What Christmas memory have you not written?



When our children were younger, we wanted to teach them the value of selfless service, so we hatched this idea to do the "Twelve Days of Christmas": you know, you pick a person or family who needs some love at Christmas time, and for the twelve days before Christmas, you doorbell-ditch them with gifts relevant to the family and to the season. The important part is to never get caught, and never reveal who you are.

We thought we were being so original. Nobody had ever thought of this. And the best part about it was, it would be our own little secret. We felt somehow betrayed or one-upped when we started hearing other people tell about their adventures doing the same thing. Well, we still kept our secret, and to this day, with our youngest away at college, it's still a family secret.


Can I tell another one?

Over the years, we have enjoyed giving selfless service, especially around Christmastime. We have been so blessed - or lucky, or simply well taken care of - that we have always wanted to give back by giving something to others in need.

Last December, after several years of joblessness and desperate financial straits, we had our Christmas carefully organized around our meager budget. On the Sunday before Christmas, our church had organized a Sunday-afternoon activity where we assembled baskets of food (not just goodies, but real groceries suitable for a Christmas feast) and delivered them to the needy families in our congregation. It was cold, and since it was close to winter solstice it got dark quickly, but we had fun serving in this way.

Not long after we returned home, our doorbell rang. I opened the door, to find a member of our congregation standing there with a basket of food for us. That stark moment of cognitive dissonance was like ... well, that's how it must feel to see yourself on TV for the first time. We had never considered ourselves "needy," but somebody did, and somebody cared enough to perform this act of service for us.

But we got a little extra in our basket. After I thanked the brother and took the basket inside, I saw an envelope nestled among the apples and oranges. I assumed it was a greeting card, but when I opened the envelope, several hundred-dollar bills fell out.

You know, I know that Christmas 2009 was full of fun times, and love, and family togetherness, but I don't remember any of that stuff - at least not with the photographic clarity with which I remember that basket of food. And now that we're back on a firm financial foundation, I never want to forget that basket.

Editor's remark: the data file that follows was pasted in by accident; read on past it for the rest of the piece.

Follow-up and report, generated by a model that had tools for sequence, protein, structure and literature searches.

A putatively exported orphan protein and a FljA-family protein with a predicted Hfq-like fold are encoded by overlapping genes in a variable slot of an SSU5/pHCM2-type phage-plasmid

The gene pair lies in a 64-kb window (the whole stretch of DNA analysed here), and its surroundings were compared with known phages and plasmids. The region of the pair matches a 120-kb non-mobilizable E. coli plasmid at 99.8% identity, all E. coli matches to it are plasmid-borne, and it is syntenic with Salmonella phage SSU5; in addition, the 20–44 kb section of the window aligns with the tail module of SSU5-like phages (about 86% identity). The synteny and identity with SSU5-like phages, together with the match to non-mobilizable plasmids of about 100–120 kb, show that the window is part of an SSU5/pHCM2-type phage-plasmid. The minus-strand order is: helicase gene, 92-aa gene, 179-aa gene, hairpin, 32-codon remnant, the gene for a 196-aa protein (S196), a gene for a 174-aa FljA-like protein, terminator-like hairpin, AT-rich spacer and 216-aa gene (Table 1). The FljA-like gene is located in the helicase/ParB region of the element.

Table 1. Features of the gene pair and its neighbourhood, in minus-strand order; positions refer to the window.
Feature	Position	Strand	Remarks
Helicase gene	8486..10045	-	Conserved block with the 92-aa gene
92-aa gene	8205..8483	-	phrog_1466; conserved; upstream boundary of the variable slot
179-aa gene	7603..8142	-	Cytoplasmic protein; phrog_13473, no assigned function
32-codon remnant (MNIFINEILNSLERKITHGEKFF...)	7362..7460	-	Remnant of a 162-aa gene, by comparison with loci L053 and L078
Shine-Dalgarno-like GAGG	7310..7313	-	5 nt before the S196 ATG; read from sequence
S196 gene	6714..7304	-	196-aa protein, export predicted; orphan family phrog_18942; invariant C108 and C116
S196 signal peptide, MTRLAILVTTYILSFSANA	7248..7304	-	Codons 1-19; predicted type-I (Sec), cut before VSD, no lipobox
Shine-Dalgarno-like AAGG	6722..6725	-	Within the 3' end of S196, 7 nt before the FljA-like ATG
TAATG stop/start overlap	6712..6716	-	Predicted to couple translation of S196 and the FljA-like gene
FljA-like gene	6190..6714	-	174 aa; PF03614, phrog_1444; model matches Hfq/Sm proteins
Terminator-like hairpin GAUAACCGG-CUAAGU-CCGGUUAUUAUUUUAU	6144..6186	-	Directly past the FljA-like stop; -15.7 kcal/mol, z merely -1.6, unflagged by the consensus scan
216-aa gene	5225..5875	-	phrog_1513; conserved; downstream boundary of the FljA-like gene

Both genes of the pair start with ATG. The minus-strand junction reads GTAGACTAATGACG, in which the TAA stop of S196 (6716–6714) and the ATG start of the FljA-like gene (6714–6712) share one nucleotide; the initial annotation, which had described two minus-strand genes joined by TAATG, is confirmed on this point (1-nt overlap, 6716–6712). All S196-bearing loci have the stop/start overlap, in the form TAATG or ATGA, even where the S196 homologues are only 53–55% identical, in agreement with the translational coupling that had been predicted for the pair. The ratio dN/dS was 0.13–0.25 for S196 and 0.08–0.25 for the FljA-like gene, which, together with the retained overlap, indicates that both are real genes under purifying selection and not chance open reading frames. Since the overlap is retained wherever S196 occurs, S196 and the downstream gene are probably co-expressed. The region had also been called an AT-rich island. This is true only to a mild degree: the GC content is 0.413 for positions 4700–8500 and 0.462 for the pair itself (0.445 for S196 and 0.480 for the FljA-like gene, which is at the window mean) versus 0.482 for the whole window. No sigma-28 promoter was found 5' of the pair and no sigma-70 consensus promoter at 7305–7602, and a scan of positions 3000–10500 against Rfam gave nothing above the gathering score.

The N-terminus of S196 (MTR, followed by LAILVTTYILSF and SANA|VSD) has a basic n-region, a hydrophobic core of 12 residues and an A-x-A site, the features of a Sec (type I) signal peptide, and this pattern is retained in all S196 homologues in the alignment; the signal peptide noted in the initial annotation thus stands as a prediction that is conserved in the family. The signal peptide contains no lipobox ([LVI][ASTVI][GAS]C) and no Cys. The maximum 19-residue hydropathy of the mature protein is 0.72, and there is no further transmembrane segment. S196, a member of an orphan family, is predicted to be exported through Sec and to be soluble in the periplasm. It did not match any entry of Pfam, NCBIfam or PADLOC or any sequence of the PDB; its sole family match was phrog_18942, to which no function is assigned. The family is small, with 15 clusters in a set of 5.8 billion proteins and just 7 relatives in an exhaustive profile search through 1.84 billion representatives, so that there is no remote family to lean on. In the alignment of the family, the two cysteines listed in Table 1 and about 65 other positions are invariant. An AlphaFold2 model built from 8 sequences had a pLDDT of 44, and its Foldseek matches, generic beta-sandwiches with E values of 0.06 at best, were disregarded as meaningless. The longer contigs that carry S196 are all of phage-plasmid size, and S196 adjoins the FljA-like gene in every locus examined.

Kim D

My favorite thing about Christmas is the early morning, while it's still dark outside. We three get a fire going in the stove, and we sit together, lit only by the light of the fire, the tree and one small lamp. We are together, the mother, the father and the son. We get coffee or cocoa and take turns sharing what's in our stockings. It's slow and easy and special. I treasure those mornings with "my boys." But we have no family here, where we've chosen to live, so some Christmases we travel to be with those we love. Last Christmas, we traveled to be with my mother. She's alone; my dad passed away six years ago. The holidays are especially hard for her because Christmas was also my dad's birthday. He loved the time between Thanksgiving and Christmas, the decorating, the cooking, and most of all, having family near. So last Christmas, we traveled to be with her. I knew my brother would be home. He works for weeks at a time on a boat, and often misses holidays. My sister said she'd be coming with her daughter who had just finished college, but her husband and two sons wouldn't be able to come. I was resigned to not having my special Christmas time, but it was OK. Christmas morning, it was just Mom and we three, and I could see what it meant to her to have us there. Then my brother and his wife arrived, and it was even better. Mid-day, I looked out the window and saw my sister and her daughter get out of the car - they'd driven 6 hours that morning to be with us. But they weren't alone; my brother-in-law and two nephews piled out of the car, too. The oldest is 27 and out on his own, so we really didn't expect him. And then we were all together, the whole family. My mother had all her children and grandchildren around her, and the joy was visible on her face. Thinking about her joy brings tears to my eyes today. Last Christmas was not the Christmas I thought I wanted, but it was the best Christmas I could have ever imagined.


I must write on my calendar for Dec 1, 2011 - "Read Amy's blog posts for Dec. 2010" - because these are all touching me in such wondeful ways and even the comments are full of the things we lose sight of in the midst of preparing for that special day.